Updated: 5/14/2013 6:10 P.M.
Fenton Art Glass and its new parent company, U.S. Glass, are running out of time to raise money to catalog the 10,000 moulds it has in its Williamstown plant.
They come not only from Fenton, but from glass makers of the past, like Imperial and Fostoria Glass.
And they might be of interest to the thousands of collectors of Fenton products from all over the country.
"Probably over the last 30 years, as other companies in the handmade glass industry went out of business, we were able to acquire their moulds", says company President George Fenton. "In some cases, we scrapped them, and in other cases, we kept them in storage. And that's why we have to catalog them, so they'll have a full picture of what's available."
Fenton needs $50,000 by next Monday for the cataloging fundraiser. It currently has a little less than one-fifth of that goal.
We have a link to the newsletter and information on the fundraiser on the "Hot Button" on our web channel.
Updated: 3/19/2013 6:10 P.M.
Residents of the area, and, more specifically, Williamstown, understand the impact Fenton Art Glass has had during its more than 100 years of operation.
"Tour buses come into it, and all kinds of things," said Beverly Strickler. "I have a business, and we have people stop. So, it means a lot."
But while a new company has stepped in to operate it, when it does again begin production, it won't have the Fenton name. It will instead be known as the Williamstown Glassmaking Plant. And while it may, at first, use Fenton's molds, it plans to produce its own decorative glass products.
"Over time, we plan on bringing our own types of glass products into that facility that may even have other brands on it," says Gene Bem, CEO, U.S. Glass, Incorporated. "So, the initial start will be a Fenton product line that is refreshed, using the current infrastructure that's in the factory, that will reflect the capability of the factory. Not necessarily the exact products."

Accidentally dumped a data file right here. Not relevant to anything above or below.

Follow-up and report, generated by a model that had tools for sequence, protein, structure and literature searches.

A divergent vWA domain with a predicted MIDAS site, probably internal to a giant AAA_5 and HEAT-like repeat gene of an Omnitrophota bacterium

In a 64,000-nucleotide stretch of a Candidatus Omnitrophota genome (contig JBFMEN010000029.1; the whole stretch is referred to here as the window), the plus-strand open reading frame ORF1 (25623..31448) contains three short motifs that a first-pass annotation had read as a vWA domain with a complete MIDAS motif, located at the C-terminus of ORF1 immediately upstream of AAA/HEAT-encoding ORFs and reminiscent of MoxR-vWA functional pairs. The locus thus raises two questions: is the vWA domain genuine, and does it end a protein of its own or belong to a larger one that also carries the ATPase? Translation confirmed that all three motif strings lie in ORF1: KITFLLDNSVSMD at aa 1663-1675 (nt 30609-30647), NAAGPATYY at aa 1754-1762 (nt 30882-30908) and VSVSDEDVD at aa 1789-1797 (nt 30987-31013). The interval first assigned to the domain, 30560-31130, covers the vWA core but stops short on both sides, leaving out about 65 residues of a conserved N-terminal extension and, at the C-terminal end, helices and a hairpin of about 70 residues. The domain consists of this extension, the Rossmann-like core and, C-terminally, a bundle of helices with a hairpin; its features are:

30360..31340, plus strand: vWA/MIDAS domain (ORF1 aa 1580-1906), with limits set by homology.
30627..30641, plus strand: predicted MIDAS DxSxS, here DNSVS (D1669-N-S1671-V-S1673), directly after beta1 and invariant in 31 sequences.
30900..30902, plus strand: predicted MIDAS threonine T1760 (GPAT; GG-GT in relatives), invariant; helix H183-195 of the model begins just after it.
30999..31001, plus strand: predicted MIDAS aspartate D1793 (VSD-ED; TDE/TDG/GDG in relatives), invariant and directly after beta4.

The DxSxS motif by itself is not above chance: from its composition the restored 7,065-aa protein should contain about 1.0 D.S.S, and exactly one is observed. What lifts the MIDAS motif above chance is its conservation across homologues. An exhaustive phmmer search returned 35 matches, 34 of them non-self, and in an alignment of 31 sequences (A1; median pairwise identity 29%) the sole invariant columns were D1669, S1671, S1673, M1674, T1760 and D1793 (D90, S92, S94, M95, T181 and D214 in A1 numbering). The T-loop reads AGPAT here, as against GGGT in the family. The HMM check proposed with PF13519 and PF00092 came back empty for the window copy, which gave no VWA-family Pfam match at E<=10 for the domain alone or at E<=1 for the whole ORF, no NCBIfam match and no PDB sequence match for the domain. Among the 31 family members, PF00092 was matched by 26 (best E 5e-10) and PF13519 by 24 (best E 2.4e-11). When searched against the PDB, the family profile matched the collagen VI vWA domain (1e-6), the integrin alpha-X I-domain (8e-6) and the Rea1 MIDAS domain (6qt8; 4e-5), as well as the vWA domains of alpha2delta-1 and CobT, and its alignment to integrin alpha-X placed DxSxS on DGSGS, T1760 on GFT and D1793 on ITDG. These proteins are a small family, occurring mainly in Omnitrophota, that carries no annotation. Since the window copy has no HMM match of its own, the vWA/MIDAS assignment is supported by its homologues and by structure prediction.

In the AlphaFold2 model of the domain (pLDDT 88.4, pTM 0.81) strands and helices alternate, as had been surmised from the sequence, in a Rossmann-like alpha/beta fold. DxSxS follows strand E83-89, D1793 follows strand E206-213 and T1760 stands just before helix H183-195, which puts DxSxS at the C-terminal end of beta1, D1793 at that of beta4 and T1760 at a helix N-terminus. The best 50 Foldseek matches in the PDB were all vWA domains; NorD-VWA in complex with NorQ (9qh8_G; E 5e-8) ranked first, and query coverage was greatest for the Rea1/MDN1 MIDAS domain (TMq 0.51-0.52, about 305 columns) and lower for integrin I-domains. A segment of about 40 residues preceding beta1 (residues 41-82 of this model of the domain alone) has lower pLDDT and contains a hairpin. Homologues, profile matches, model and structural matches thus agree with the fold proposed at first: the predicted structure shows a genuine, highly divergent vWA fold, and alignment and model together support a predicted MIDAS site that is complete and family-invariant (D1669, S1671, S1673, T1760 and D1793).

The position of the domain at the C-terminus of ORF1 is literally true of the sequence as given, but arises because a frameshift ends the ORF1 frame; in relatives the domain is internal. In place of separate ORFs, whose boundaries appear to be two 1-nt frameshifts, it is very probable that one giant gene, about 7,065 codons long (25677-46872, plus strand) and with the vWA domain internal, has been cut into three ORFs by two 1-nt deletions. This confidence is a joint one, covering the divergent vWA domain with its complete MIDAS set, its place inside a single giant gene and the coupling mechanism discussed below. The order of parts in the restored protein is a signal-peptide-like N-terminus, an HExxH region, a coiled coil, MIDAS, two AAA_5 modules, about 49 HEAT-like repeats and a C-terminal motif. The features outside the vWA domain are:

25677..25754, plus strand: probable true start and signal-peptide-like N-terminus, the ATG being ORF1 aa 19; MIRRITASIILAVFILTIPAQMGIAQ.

It has been two years since production ceased at Fenton. U.S. Glass bought the plant at auction in 2012. Its gift shop has remained open, and will continue to be open-but to sell the company's remaining inventory.
"And there's product there to be bought now, especially if you like Fenton glass, since they or we won't be making any more of that," Bem says. "So now's the chance, if you like some of the stuff that's from the past."
While it will have just a few employees at first, Bem says U.S. Glass hopes to hire up to 50 people in the next few months-and maybe more- depending on how well its product line is received.
Updated: 3/18/2013 5:35 P.M.
A step toward a new beginning for Fenton Art Glass.
Its new owners have received $100,000 from the state's venture capital firm.
The West Virginia Jobs Investment Trust provided the funding to restart the company's decorative glass production lines, which closed down two years ago.
It's the investment trust's first round of funding in the Fenton group, which bought the plant last year.
Department of Commerce Secretary Keith Burdette says the funds will also be used marketing.
While production at the plant was stopped, the company's gift shop has remained open.
Associated Press 2012:
WILLIAMSTOWN, W.Va. (AP) - Hand-blown glass-maker Fenton Art
Glass Co.'s assets will be sold later this year at auctions in Ohio
and West Virginia.
Auctions of glass are set for April 21 and July 28 at Randy
Clark's Auction Gallery in Dexter City, Ohio.
Intellectual property, including the company's name, logos,
trademarks and glass formulas will be sold at a May 24 auction at
its plant in Williamstown.
Fenton Art Glass President George Fenton says that the company's future depends on who buys its
Last July, the 107-year-old company announced that it was
shutting down its traditional glass-making business.
(Copyright 2012 by The Associated Press. All Rights Reserved.)